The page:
State Superintendent Mike Sentance faced a number of questions regarding the state intervention in Montgomery schools at the April 13 state board meeting.

And his answers failed to calm the concerns of many board members, especially Stephanie Bell of Montgomery.

Bell, a one time reporter for the Montgomery Advertiser, knows how to ask questions and is not reluctant to do so.  She wanted to know how 10 percent raises for 27 principals of the system’s lowest performing schools could be justified?  Why were some principals who the system planned to terminate given new three-year contracts, plus a 10 percent raise?  How could the system be split into two separate entities with the state operating one and the local system the other?

Any principal facing termination must be given at least a 90-day notice.  Bell asked why the state missed this deadline in some cases.

(Sentnace has repeatedly said that the nine principals whose contracts were up for renewal had not been properly evaluated and therefore, could not be let go.  However, according to two members of the Montgomery school board, this is not accurate.  Instead, they say the system planned to remove four of these principals and all paperwork was in order but when the state stepped in, they botched the process and ignored the deadline.  So instead of removing four principals, they were all given new three year contracts, plus a 10 percent raise.)

Stephanie Bell also pointed out that giving across the board raises to principals of weak schools, while not rewarding principals of the best schools has severely hurt morale in the system.  “You simply can not incentivize poor performance,” she told Sentance.

Bell was supported by Jeff Newman and Cynthia McCarty is questioning the raises.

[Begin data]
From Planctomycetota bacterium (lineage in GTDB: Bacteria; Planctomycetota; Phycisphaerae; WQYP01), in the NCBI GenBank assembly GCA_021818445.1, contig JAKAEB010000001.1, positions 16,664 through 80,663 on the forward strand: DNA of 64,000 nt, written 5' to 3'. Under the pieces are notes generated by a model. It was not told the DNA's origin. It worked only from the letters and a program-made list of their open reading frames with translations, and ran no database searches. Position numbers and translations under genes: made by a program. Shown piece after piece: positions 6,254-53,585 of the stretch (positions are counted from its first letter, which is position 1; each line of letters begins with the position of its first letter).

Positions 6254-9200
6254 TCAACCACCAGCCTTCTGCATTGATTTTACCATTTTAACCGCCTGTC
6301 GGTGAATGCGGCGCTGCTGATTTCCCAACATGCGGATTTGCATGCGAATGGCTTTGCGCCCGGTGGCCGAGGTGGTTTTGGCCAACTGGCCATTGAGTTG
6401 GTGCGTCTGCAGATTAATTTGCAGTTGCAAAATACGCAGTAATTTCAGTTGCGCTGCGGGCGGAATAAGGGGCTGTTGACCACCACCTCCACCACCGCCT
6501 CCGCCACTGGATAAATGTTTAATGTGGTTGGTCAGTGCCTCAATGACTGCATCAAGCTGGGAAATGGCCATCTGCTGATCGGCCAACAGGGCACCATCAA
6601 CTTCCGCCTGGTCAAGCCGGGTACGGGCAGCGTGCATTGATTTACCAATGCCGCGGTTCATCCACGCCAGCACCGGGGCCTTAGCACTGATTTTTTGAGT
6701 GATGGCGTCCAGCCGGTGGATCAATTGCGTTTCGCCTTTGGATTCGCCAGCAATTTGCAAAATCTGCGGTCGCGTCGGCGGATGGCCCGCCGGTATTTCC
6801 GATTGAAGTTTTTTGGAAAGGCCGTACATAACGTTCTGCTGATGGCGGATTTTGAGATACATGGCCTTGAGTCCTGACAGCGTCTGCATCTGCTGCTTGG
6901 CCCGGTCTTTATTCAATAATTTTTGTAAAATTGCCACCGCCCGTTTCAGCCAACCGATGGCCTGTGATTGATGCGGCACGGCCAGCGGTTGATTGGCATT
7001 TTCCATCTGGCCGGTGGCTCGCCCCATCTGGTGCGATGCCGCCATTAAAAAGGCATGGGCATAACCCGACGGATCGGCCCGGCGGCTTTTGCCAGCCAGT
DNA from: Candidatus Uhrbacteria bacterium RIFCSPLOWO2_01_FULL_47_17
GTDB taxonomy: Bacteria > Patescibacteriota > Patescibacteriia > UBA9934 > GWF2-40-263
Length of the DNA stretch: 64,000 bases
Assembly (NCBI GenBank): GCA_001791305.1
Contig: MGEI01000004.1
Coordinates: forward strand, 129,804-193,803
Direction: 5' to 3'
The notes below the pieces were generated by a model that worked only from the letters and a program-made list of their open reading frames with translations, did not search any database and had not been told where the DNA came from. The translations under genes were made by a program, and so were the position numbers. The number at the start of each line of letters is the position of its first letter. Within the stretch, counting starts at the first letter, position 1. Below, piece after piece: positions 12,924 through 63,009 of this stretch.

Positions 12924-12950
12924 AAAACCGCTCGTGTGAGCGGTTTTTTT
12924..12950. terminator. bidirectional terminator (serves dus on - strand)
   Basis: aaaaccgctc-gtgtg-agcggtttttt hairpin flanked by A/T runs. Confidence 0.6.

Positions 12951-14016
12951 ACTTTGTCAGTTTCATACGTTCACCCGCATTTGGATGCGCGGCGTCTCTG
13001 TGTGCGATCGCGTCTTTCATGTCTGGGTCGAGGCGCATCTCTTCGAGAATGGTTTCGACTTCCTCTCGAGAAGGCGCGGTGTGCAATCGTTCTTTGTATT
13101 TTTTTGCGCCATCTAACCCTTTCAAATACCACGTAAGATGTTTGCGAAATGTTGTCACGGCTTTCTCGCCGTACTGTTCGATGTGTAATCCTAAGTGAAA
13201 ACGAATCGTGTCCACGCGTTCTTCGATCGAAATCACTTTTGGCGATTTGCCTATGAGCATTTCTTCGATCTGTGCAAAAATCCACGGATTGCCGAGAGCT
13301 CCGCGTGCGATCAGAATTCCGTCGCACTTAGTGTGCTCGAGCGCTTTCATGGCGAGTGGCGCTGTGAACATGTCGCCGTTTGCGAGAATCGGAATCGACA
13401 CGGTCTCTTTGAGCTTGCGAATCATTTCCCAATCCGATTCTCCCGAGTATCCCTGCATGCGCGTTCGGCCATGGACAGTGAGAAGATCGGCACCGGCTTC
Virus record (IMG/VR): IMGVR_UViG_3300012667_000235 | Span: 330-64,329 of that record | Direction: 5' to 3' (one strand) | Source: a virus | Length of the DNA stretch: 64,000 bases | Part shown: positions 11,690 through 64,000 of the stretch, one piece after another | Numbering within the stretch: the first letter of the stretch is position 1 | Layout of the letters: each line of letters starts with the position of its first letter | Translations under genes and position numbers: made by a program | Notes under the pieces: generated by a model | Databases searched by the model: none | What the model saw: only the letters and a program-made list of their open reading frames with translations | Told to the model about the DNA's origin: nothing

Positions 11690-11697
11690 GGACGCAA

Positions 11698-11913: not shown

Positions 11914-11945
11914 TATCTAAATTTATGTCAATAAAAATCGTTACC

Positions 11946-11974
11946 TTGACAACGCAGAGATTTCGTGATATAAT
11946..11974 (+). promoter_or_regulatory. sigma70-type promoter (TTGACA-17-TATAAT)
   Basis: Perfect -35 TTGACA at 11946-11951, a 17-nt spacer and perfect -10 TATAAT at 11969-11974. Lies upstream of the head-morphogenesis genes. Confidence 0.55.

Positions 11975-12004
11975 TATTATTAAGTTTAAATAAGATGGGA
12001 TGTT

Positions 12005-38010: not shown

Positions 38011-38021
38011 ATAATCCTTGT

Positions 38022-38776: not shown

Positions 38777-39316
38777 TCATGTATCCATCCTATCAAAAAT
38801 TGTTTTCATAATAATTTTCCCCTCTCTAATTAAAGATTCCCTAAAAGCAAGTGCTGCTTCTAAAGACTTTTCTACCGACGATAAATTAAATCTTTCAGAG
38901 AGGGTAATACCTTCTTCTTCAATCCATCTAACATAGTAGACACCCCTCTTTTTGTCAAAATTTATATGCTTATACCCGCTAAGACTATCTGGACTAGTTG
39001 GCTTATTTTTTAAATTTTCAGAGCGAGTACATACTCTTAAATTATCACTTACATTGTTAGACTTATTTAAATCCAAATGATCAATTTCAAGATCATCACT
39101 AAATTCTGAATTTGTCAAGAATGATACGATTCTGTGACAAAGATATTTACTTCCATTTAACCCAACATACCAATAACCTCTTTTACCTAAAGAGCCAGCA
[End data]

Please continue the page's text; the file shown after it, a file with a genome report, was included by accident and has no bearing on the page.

“I spent more than 30 years in education,: said Newman, “and there is absolutely no justification for these raises.”  McCarty also questioned them and wanted to know where the money was coming from to pay them.  “I thought one of the reasons we intervened was because the system was in financial trouble,” she added.

Sentance tried to explain the rationale for the raises as the fact that the Montgomery pay scale for principals lags behind the rest of the state and that raising the salaries of the 27 principals will help hire better ones in the future.  It was obvious this argument did little to convince the board.

The present scale in Montgomery is $71,046 to $100,487 for principals.  It should be  pointed out that this top end is more than superintendents in 11 Alabama school systems now make.

But the most telling moment of this discussion is when Sentance was asked to show the board the plan for the Montgomery intervention and said that it is “evolving.”

In other words, after spending $1.2 million on two contracts related to the take over, after hiring a new staff member from Philadelphia and one from Mobile to work with Montgomery, there is no definitive plan of what they will be doing or how they will do it?

This is mind-boggling.  And is akin to hiring a carpenter, an electrician, a plumber and a brick mason and telling them to build a house–but not giving them a blueprint.

Ella Bell is also on the state board, and like Stephanie Bell, also represents a portion of Montgomery County.  She summed up the situation by saying, “We were not ready to go public when we announced this takeover a few months ago.  We had no specifics to tell the public.”  Stephanie Bell echoed her thought by stating, “We put the cart before the horse.” 

There will be a public forum on Monday, April 17 at 6:30 p.m. at Robert E. Lee High School in Montgomery.  Personnel from the state department of education will be there to present information and field questions.

It should be interesting to listen as they explain why the state department likes bad principals more than good ones.